A new serial killer has popped up. “Buffalo Bill” has killed five victims when we enter the scene. A young trainee agent is sent to speak with the notorious Hannibal Lecter, a psychologist who is committed to an asylum for the criminally insane after murdering and eating several of his patients. The agent who sends here on this mission is hoping that she may be able to recover some information that will help the FBI capture Buffalo Bill.
As our trainee, Clarice, begins to seemingly befriend Lecter a senator’s daughter is abducted by Buffalo Bill and the hunt is on.
As Clarice works with the Behavioral Analysis Unit and begins to decipher the clues from both Bill and Lecter himself, she gets deep into the hunt for the killer. But will she come out of this the same?
-Genre: Psychological Thriller
-Creator: based on the book The Silence of the Lambs by Thomas Harris
-Length: 118 minutes
-Rating: R (sex and nudity, extreme violence and gore, moderate profanity, realistically intense scenes dealing with stalking and murder)
-Where to Watch: Netflix, Amazon Prime Video, Hulu, iTunes, YouTube, or find it at your local library
-Main Cast: Jodi Foster, Anthony Hopkins, Scott Glenn, Ted Levine, Anthony Heald, Brooke Smith
-Page of Reference in RPO: 172
Review (contains spoilers):
A decent psychological thriller that sadly doesn’t stand the test of time cinematically in the horror genre. Or maybe I just watch too many films and true crime items and am just desensitized to the whole idea.
While the story line is well thought out and provocative and both Jodi Foster and Anthony Hopkins give stunning performances in their rolls as Agent and Serial Killer, the cinematography and the designs are thourally 1990s or even 1980s. which works overall for the idea and the general feel of the film.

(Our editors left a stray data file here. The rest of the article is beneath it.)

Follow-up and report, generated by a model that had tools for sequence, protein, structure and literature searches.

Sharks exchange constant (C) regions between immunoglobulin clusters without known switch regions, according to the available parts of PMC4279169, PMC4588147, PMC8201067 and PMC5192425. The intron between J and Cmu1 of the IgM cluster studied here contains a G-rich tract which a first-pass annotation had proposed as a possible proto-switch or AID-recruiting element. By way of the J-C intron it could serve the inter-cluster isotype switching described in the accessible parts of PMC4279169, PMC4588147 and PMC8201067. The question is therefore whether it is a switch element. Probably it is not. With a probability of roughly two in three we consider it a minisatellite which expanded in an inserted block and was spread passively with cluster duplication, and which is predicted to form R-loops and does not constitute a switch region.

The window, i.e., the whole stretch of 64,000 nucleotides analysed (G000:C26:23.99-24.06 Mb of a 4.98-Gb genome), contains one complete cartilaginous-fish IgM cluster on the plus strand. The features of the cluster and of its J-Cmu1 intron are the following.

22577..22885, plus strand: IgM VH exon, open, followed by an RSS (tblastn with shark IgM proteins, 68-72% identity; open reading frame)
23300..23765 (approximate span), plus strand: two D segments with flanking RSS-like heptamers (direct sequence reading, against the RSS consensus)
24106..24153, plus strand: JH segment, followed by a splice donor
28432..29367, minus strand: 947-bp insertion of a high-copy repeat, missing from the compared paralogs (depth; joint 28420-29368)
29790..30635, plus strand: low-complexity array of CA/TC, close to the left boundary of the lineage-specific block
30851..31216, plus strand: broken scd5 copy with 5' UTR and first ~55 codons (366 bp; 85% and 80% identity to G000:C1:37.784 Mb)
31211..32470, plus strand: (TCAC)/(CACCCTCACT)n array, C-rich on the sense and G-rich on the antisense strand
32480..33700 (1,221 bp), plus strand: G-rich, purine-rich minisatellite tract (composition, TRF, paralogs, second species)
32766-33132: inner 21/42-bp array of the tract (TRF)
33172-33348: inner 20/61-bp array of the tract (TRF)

Yet when viewed through the lens of modern film which has managed to not only push the agenda when it comes to blood and gore but also on the desensitization of the film goer this just doesn’t seem to hold up anymore.
I remember watching this when I was younger and it frightening me. But now having literally spent a good portion of my adult life fascinated by serial killers and the inner working of their mind I don’t find this to be a real psychological thriller any longer.
It is intense in places and leaves one feeling slimy when you connect with Lecter…which sadly happens a few times because he is able to showcase a human side even while you know he is manipulating Clarice for some nefarious reason or another. But honestly I’ve been more on edge during an episode of Criminal Minds or the first Saw movie that I was the entire time re-watching this film…
Maybe I will find the book more difficult to get through at my age.